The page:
8. You are stationed 060 degrees relative to the guide, at a range of 6,000 yards. Base course is 300 degrees, speed 11


knots. An emergency turn 90 degrees to starboard is executed at 0315.
(a) If you use a speed of 20 knots, what course shall you take to return to your station?
(b) At what time will you arrive on station?
ans. (a) 103 degrees
ans. (h) 0328

9. You have a contact south of you on a course of 080 degrees at a speed of 14 knots. You wish to come to a point 5,000 yards from the enemy to fire a 27-knot torpedo so that it will have a 90 degree track angle when

  fired. What is the true bearing of that point?
ans. 017 degrees

10. You are stationed on a true bearing of 101 degrees, 3,000 yards from a guide on a course of 340 degrees, speed 10 knots. You are asked to patrol out on your bearing for one hour at 20 knots and then return to station.

(a) What will be your course out and in?
(b) If you start your patrol at 1400 when will you arrive back on station?
ans. (a) 075 degrees - 307 degrees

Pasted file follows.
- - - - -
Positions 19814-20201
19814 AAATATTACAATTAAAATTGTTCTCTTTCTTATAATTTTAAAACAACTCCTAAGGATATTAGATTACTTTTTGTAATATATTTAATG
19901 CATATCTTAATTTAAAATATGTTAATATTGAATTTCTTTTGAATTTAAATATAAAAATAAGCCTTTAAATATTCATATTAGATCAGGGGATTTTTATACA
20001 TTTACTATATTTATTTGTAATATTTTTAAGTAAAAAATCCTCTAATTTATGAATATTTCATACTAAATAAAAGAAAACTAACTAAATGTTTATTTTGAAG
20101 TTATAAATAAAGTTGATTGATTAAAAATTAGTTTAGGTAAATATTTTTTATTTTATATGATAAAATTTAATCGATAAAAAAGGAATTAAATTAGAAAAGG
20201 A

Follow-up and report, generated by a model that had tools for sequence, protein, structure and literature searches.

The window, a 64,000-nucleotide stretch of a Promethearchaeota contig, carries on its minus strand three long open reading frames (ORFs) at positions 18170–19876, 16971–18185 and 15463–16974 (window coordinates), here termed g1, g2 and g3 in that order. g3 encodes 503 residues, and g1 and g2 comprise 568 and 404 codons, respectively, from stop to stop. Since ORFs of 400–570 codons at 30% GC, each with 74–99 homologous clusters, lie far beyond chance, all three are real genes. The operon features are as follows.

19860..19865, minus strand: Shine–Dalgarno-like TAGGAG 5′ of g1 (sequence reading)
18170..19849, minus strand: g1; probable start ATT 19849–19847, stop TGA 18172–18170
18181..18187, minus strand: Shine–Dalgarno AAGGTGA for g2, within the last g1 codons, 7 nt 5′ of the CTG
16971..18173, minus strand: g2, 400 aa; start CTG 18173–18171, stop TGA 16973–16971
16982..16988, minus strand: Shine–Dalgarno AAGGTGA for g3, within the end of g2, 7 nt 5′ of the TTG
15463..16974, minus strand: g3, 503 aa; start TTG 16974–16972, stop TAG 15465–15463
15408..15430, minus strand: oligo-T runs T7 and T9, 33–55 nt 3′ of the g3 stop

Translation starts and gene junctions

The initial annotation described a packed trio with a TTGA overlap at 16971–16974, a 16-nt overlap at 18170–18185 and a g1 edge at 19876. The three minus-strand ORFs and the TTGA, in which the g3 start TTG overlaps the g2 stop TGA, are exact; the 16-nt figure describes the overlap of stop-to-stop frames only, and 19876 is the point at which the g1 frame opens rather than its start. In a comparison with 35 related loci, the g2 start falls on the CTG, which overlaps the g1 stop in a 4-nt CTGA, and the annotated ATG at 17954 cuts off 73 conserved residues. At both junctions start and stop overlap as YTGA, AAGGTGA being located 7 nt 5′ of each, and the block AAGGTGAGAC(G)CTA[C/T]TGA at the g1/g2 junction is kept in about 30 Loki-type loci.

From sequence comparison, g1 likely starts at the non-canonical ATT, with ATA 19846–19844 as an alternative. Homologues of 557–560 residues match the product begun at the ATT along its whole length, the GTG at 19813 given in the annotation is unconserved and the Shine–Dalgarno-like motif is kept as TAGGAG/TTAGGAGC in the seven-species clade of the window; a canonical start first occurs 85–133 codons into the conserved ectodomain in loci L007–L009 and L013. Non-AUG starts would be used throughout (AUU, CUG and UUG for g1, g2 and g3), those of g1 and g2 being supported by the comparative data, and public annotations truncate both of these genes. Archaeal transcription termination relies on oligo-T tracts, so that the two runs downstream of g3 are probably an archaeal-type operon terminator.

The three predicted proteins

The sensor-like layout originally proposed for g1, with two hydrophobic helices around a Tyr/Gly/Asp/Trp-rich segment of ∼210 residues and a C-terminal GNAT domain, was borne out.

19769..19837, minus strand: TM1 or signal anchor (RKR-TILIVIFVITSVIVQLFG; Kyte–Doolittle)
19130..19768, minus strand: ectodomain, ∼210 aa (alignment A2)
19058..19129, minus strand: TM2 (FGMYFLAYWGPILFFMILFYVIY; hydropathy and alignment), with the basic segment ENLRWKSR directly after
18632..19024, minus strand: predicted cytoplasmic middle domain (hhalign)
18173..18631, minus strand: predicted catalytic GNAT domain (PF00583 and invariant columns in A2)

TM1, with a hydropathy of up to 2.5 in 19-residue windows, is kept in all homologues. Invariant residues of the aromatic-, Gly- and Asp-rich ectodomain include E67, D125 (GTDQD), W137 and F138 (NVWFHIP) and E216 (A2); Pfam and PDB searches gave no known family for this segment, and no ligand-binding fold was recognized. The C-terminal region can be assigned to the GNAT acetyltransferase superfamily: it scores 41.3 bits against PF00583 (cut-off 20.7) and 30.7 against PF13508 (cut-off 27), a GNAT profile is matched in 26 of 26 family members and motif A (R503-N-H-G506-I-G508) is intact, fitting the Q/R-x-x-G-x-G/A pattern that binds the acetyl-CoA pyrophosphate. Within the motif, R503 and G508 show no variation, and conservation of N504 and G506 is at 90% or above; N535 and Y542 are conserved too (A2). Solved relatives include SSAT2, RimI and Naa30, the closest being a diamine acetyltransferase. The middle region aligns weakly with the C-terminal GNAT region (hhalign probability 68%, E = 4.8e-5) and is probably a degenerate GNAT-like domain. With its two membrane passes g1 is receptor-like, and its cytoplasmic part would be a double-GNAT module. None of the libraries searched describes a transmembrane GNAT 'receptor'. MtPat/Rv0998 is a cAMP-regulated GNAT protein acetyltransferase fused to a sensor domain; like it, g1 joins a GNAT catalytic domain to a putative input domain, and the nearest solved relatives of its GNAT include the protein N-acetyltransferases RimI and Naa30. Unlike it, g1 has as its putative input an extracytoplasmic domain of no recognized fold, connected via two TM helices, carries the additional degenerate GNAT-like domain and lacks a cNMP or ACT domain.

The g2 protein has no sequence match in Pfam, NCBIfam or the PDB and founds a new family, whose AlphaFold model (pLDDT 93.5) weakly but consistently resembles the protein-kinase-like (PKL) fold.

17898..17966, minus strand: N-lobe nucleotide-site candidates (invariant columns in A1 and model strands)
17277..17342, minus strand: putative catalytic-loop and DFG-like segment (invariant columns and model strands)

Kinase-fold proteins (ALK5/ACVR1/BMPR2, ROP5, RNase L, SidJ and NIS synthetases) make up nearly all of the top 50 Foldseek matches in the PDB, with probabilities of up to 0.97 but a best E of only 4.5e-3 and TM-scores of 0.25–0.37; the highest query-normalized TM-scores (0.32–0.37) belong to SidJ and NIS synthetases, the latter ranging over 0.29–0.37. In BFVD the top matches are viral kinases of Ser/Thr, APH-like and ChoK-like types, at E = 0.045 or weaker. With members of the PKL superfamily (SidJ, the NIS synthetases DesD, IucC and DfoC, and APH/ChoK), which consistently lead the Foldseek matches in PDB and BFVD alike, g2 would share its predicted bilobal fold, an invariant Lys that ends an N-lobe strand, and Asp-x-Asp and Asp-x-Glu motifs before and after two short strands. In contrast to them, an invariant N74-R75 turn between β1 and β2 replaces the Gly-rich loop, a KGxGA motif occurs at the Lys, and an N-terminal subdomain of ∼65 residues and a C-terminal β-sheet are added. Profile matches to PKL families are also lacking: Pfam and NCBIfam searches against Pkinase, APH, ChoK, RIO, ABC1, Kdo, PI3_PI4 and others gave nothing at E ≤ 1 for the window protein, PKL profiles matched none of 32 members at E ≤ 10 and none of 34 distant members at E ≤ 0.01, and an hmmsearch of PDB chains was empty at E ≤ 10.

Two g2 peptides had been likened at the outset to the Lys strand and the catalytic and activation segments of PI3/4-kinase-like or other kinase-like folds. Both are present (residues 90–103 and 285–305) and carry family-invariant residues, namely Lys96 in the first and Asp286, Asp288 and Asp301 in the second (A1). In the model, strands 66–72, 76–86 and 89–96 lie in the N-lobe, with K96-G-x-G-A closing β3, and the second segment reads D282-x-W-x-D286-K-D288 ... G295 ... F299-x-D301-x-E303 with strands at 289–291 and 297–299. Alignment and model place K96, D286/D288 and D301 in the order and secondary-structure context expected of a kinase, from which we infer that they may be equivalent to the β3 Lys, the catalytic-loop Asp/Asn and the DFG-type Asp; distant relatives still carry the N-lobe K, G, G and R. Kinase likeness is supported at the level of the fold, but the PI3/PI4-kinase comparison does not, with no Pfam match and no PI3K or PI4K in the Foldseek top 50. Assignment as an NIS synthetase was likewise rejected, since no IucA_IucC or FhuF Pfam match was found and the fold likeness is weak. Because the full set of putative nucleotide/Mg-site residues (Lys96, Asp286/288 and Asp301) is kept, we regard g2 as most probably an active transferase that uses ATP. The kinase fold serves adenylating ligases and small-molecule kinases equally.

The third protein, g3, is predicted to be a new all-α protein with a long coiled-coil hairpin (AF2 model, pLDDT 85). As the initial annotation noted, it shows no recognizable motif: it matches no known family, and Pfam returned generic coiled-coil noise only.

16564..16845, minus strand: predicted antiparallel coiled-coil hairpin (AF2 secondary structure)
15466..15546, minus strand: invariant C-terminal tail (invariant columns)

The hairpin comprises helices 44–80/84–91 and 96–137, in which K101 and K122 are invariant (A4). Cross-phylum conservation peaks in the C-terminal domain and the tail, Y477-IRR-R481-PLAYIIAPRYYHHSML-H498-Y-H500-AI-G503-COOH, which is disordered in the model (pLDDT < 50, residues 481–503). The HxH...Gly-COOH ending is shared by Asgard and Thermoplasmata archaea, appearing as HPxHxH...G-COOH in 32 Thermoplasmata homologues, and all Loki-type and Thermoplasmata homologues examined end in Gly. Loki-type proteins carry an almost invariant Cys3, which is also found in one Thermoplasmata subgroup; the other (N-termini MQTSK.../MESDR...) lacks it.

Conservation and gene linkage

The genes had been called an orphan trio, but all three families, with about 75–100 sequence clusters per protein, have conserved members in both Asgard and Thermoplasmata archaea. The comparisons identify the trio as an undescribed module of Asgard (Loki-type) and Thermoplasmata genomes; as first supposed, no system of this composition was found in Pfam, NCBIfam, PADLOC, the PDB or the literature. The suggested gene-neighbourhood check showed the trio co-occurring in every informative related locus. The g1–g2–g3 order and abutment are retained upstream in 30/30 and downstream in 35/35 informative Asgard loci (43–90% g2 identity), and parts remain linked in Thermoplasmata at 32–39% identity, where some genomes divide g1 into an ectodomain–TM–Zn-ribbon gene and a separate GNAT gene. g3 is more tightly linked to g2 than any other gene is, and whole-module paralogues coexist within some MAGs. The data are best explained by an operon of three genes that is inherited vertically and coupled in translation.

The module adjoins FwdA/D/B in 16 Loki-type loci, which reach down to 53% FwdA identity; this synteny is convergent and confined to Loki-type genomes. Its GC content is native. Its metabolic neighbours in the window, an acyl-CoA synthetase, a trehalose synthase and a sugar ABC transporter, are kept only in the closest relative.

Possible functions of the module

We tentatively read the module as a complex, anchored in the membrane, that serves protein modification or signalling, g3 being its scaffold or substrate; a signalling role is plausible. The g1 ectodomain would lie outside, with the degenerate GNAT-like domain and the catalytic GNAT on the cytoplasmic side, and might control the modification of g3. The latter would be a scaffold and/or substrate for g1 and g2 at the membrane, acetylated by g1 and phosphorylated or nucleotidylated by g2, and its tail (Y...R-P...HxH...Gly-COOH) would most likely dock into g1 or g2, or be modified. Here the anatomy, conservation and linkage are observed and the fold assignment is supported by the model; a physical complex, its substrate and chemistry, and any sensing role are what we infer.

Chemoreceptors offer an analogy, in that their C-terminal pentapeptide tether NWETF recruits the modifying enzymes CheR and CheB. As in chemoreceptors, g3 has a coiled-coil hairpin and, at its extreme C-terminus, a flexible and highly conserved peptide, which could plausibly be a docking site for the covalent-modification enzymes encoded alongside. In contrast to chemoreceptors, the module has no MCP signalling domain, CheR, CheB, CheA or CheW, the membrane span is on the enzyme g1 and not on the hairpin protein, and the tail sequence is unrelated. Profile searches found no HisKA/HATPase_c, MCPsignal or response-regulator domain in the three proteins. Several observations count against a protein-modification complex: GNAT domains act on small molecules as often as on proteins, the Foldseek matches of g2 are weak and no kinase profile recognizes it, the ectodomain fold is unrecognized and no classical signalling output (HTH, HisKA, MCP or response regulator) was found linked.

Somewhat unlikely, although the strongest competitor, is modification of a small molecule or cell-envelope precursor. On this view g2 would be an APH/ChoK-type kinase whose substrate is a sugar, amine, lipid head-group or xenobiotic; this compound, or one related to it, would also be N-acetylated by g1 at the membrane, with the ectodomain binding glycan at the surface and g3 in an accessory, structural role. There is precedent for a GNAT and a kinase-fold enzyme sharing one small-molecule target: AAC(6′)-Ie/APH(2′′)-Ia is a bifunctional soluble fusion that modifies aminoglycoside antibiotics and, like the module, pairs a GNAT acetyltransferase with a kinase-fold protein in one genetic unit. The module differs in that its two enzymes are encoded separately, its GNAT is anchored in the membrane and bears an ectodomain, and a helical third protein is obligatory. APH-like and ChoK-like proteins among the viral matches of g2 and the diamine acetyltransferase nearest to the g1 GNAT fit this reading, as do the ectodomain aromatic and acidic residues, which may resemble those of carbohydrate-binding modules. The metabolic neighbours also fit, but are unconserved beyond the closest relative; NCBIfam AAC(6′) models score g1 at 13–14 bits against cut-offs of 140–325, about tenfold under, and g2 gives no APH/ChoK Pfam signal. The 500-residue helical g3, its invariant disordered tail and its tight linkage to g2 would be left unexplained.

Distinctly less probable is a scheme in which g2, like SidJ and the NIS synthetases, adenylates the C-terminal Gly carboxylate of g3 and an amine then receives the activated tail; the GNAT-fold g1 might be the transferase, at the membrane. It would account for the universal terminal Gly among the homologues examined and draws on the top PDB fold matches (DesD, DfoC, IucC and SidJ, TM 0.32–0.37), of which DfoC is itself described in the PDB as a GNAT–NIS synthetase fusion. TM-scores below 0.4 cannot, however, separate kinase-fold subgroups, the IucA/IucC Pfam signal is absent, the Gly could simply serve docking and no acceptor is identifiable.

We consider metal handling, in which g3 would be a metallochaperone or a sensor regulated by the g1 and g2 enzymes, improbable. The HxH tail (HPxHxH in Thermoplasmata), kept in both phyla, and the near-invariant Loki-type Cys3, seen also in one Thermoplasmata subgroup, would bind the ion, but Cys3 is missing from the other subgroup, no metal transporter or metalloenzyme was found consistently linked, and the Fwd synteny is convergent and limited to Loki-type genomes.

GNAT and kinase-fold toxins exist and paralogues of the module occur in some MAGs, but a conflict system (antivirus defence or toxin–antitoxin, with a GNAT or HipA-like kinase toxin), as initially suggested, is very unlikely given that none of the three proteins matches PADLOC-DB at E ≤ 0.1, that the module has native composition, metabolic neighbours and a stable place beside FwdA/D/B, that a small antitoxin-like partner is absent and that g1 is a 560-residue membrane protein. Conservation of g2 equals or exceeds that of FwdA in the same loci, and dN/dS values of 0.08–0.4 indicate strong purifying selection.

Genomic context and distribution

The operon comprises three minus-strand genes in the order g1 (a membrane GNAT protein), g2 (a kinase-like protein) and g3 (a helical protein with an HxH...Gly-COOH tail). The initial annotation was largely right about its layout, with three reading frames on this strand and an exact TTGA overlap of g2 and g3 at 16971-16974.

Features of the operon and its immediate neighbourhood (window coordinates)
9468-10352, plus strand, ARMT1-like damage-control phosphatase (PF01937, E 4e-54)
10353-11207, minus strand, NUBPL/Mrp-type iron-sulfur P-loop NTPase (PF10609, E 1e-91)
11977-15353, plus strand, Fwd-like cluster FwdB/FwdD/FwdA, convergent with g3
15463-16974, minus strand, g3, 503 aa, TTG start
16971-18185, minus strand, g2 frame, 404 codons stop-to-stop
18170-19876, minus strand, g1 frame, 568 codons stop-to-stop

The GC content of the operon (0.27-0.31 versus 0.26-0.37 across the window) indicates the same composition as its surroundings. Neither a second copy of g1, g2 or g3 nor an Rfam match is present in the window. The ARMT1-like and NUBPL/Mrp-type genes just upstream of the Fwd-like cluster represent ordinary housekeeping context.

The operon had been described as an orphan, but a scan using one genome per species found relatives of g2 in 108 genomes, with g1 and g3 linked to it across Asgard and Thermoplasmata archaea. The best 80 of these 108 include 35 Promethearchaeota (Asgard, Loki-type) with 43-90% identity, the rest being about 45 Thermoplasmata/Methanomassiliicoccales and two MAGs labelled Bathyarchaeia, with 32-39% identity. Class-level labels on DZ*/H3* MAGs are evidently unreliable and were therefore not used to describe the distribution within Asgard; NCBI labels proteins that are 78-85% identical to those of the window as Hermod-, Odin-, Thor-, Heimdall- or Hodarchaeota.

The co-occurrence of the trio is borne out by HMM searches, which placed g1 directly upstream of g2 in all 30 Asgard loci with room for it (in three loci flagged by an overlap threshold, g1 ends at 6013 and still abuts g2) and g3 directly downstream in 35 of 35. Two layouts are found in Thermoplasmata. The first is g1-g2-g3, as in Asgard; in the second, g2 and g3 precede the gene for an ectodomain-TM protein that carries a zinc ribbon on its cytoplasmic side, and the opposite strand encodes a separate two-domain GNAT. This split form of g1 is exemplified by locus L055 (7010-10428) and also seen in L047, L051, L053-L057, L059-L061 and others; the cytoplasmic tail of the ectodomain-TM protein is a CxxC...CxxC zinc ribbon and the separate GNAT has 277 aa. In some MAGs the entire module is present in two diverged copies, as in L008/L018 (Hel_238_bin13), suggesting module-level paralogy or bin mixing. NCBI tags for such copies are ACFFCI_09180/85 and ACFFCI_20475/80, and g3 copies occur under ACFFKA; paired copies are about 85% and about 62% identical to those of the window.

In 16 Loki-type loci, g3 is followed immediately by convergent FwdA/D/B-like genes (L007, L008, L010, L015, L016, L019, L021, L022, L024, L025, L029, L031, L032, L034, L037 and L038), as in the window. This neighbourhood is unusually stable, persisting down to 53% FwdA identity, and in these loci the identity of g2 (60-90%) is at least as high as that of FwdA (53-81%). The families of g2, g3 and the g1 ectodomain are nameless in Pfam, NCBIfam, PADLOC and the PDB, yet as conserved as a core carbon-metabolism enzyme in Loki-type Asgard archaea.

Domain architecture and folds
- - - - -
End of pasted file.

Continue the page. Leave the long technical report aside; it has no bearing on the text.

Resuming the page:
ans. (b) 1520





Since you will he a member of the Combat Information Center team (abbreviated CIC), it is essential that you understand the objective and functions of this organization. Entire books have been written on CIC, but in this manual only a brief description of the objectives and functions of this "nerve center" will he given in order to help you to adjust yourself to the part you will play as a member of the CIC organization. This description is followed by typical layouts of different type ships such as, BB's, CV's, CL's, and DD's.


The object of the Combat Information Center is to assist the command in planning a correct course of action, and to assist the command and armament control in the execution of that plan.


The Combat Information Center, is briefly. an agency for the collection, evaluation, and distribution of combat information, and for facilitating the use of that information. It is not something strange and complex, nor is it merely a radar plot or an antisubmarine plot under a new name. It provides, however, a marked clarification and simplification of work for the command.

The following paragraphs in this section show how complex a Captain's life formerly was, and how